Researchers develop biocompatible support device for artificial organs

Scientists from ITMO University have designed a device that allows the human nervous system to control implants. The invention consists of miniature resistors, capacitor, diodes, and memristors based on liquid metal and hydrogel, which can be embedded in artificial organs. An article on the subject was published in the Journal of Physical Chemistry Letters.

The staff of ITMO University’s Infochemistry Scientific Center used polyelectrolyte hydrogel and a liquid alloy of gallium and indium to produce the prototype version of a device intended for use in artificial organs.

“Our internal organs are controlled by electrical impulses; correspondingly, their substitutes also would need to be equipped with electronic devices that could receive these pulses,” explains Artemii Ivanov, lead author of the study and researcher at the Infochemistry Center. “But modern electronics are predominantly silicon-based. They are rigid and fragile and cannot be placed inside the body. What we need are materials that are optimal in their electrical properties and are similar to the human body in their mechanical properties. In other words, they need to be soft, flexible, and able to function in aqueous solutions.”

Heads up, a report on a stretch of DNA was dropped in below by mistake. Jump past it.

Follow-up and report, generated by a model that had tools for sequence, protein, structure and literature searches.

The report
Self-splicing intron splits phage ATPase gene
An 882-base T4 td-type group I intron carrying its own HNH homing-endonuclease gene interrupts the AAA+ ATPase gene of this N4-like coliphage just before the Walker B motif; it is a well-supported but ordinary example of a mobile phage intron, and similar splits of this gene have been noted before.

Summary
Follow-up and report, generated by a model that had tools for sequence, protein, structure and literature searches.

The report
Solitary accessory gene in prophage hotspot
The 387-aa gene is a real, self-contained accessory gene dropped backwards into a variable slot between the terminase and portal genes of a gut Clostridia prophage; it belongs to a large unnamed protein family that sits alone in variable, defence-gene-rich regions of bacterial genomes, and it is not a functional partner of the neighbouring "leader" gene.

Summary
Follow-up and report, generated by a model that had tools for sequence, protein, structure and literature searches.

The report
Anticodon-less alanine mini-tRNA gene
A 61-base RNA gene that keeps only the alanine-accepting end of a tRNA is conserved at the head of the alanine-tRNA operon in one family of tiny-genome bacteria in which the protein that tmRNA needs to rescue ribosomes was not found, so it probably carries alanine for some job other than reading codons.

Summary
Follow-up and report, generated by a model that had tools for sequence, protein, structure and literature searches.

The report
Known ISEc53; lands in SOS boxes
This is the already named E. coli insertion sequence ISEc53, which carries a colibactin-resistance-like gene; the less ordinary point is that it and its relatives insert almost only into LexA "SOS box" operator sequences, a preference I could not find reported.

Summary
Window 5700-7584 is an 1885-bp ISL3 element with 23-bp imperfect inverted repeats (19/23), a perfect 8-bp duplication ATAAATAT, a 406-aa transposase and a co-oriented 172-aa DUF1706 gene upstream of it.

Researchers from ITMO have proposed using an alloy of gallium and indium to create devices that would help implants function. The alloy of these metals does not irritate the body and doesn’t accumulate in the kidneys or the liver. At the core of the system are two drops of the alloy and a polyelectrolyte-infused hydrogel.

“We’ve got two drops of liquid metal and viscous hydrogel between them. As an electrical current passes through, a layer of insoluble gallium compound forms on the border between the metal and the gel. We can produce different electrical components depending on the thickness of that layer,” adds Ivanov.

The researchers have already showcased the technology’s viability in a tube test. The next step is to create a production prototype so that it can be used in the production of artificial organs.

In the future, this technology may be used not only in biomedicine, but in the production of renewable energy as well – namely, in various flexible electronic devices that don’t use powerful electrical currents, such as solar cells.